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KNOXVILLE — College students with mild to moderate intellectual disabilities and autism will soon have the chance to attend the University of Tennessee, Knoxville.

The new two-year vocational certificate program, set to begin in fall 2011, is being funded by a $321,683 grant from the Transition Program for Students with Intellectual Disabilities, part of the U.S. Department of Education, Office of Postsecondary Education. UT was one of 27 entities in 23 states to share $10.9 million in funding for these efforts. The grant is expected be renewed for four more years, according to a press release from the U.S. Department of Education.

The UT program is being developed by Liz Fussell at Connections for Disability and Employment; David Cihak, associate professor of special education; and Melinda Gibbons, assistant professor of counselor education. The program will work in coordination with the Korn Learning, Assessment and Social Skills (KLASS) Center and the Boling Center for Developmental Disabilities, University Center for Excellence on Developmental Disabilities; Tennessee Council on Developmental Disabilities; Tennessee’s Statewide Task Force for Postsecondary Education; the Division of Special Education; and the Division of Rehabilitation Services.

“I couldn’t be more proud of our faculty and staff who successfully won the grant that will make this program possible,” said Bob Rider, dean of the College of Education, Health and Human Sciences. “Providing post-secondary educational opportunities to students with intellectual disabilities helps to fulfill the mission of our college and the land grant mission of the University of Tennessee. There is no more important work to be done than helping students with special needs improve their life and job opportunities, and this will happen as a result of this program.”

Cihak said UT plans to enroll eight students the first year with plans to increase the class size by four each year, with the goal of serving 80 students during the five years funded by the grant.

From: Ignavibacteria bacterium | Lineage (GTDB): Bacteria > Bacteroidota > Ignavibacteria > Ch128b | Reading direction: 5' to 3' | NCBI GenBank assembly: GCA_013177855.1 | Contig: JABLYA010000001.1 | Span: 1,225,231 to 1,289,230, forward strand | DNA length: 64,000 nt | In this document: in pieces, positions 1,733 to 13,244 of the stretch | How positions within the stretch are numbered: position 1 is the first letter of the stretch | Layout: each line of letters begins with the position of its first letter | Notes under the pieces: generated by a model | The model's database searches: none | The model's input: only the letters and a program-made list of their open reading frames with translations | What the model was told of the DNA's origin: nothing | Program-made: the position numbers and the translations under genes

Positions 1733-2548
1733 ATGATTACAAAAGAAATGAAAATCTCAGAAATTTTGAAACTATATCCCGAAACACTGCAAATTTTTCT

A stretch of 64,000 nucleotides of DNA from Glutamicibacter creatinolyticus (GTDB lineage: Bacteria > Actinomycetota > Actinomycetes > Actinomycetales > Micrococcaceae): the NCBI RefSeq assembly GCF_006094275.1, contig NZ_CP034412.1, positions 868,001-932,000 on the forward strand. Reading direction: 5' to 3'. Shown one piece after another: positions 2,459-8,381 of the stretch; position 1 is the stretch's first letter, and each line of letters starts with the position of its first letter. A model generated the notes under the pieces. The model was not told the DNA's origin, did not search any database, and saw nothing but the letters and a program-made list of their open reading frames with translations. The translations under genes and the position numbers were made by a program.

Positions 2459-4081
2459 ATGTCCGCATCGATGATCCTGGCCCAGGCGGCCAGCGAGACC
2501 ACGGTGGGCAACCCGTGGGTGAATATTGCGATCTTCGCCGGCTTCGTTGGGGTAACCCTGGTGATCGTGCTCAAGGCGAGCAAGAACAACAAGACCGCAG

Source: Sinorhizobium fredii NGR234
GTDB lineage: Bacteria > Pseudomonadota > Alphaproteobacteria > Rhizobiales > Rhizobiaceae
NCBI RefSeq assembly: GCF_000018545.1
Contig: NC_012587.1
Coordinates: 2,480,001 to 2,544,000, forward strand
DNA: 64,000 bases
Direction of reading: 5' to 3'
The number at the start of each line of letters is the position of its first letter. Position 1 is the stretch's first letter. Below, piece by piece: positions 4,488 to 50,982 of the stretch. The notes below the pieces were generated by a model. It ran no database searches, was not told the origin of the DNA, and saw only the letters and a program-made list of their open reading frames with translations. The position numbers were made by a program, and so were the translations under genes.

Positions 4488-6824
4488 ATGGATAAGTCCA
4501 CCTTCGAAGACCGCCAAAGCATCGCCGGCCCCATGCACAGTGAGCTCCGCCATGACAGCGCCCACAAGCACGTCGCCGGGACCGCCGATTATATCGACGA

Students will take a mixture of non-graded, traditional college courses and independent study courses focusing on career development, independent living, self-advocacy, problem-solving, communication, and interpersonal social skills, as well as participating in a competitive work-based internship.

Students will be encouraged to participate in campus activities. Although they’ll commute initially, in time students may be able to live on campus.

The goals are to help the students develop a social network, learn to live independently and become gainfully employed.

“Historically, these opportunities have never been available for these students,” Cihak said. “We’re trying to replicate what the university is already doing — but for a population that never had an opportunity to participate in college life before.”

The program also will provide both outreach and research opportunities for UT.

Students with intellectual disabilities and autism are able to attend public school through the end of the school year in which they turn 22 years old. However, under the New Tennessee High School Diploma Project, enacted in 2009, these students will not receive a regular high school diploma unless they earn 22 credits and pass end-of-course exams. Without the required academic credits, students may earn a transition certificate or an IEP certificate (formerly the Special Education Diploma).

Some go on to a state-run adult rehabilitation services program, although these programs often have waiting lists and are required to serve those with the most significant disabilities first, Cihak said. Consequently, many students are unable to find work and simply continue to live at home, dependent upon aging parents.

Nationwide, there are about 200 programs like the one UT is launching, Cihak said. The only other program in Tennessee is Next Step at Vanderbilt University, which began in January 2010.

The 2009 Annual Statistical Report for the number of children with disabilities receiving special educational services in Tennessee schools includes 23,260 students with intellectual disabilities and 5,754 students with autism.

Knox County Schools serve 791 students with intellectual disabilities and 604 students with autism, according to state records.

In 2009, statewide, 1,757 students with disabilities in Tennessee schools received an IEP Certificate and 191 students received certificates of attendance rather than a regular high school diploma. That same year, 100 special education diplomas and six certificates of attendance were earned by Knox County students, according to state records.

To be eligible for UT’s program, students with intellectual disabilities or autism must be capable of participating in class, have skills to adapt to new situations, be able to attend class alone and have transportation to campus.

The classes are expected to be housed in the Claxton Education Building on the UT Knoxville campus. The program will be run by faculty, graduate assistants, doctoral students in special education and counseling and staff members, including someone who helps cultivate potential employment for students.

Students will pay tuition, although some financial aid options may be available.

For more information, about the program, contact Cihak at or Fussell at

C O N T A C T :

Amy Blakely, (865-974-5034,